Cancer-associated fibroblasts have been described to be related to cancer development and progression. However, little is known about the effect of cancer-associated fibroblasts autophagy on triple-negative breast cancer cells. Here, human fibroblasts from patients with invasive triple-negative breast cancer were co-cultured with human triple-negative breast cancer cells to evaluate the effect of fibroblast autophagy on cancer cell growth. The results showed that cancer-associated fibroblasts had significantly higher levels of autophagy-related proteins. Moreover, cancer-associated fibroblasts conditioned media induced metastatic behaviour and changes in the levels of vimentin, N- and E-cadherin in triple-negative breast cancer cells. Finally, key proteins in the Wnt/beta-catenin pathway were upregulated in conditioned media treated cells. Overall, the researchers demonstrate that cancer-associated fibroblasts autophagy increases metastatic features in triple-negative breast cancer cells and upregulates epithelial-to-mesenchymal transition through Wnt/beta-catenin, opening new possibilities in the development of cancer targets.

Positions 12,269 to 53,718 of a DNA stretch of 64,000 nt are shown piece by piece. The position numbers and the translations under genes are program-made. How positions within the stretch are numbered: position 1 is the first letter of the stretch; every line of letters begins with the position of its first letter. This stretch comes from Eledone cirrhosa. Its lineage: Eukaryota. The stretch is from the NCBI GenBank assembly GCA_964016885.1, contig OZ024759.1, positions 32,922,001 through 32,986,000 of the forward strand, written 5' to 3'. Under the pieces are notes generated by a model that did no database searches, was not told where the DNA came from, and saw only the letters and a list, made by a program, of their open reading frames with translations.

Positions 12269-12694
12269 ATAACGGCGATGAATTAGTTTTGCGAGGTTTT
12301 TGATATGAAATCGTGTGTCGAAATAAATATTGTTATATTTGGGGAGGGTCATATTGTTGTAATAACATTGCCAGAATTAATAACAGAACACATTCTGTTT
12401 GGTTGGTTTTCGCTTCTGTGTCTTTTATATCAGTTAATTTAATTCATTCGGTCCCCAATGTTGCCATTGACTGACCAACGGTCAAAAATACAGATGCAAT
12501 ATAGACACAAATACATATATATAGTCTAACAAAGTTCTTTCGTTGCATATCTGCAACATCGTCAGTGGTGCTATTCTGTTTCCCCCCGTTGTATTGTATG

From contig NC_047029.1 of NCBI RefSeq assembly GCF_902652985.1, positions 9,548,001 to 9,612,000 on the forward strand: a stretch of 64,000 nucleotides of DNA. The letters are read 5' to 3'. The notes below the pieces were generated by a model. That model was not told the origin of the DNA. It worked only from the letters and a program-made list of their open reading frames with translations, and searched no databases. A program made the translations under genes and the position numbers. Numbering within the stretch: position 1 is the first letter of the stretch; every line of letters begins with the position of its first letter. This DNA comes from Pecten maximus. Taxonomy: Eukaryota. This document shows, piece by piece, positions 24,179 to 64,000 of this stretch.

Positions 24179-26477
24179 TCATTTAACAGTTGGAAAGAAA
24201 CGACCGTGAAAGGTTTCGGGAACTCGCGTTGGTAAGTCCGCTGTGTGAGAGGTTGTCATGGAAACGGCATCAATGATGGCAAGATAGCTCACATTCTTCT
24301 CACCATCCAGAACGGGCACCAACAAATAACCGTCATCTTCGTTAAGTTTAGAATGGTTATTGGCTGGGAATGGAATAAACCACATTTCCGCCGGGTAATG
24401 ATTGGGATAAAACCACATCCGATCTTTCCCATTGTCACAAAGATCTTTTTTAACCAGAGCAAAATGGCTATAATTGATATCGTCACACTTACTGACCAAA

Cancer-associated fibroblasts autophagy enhances progression of triple-negative breast cancer cells
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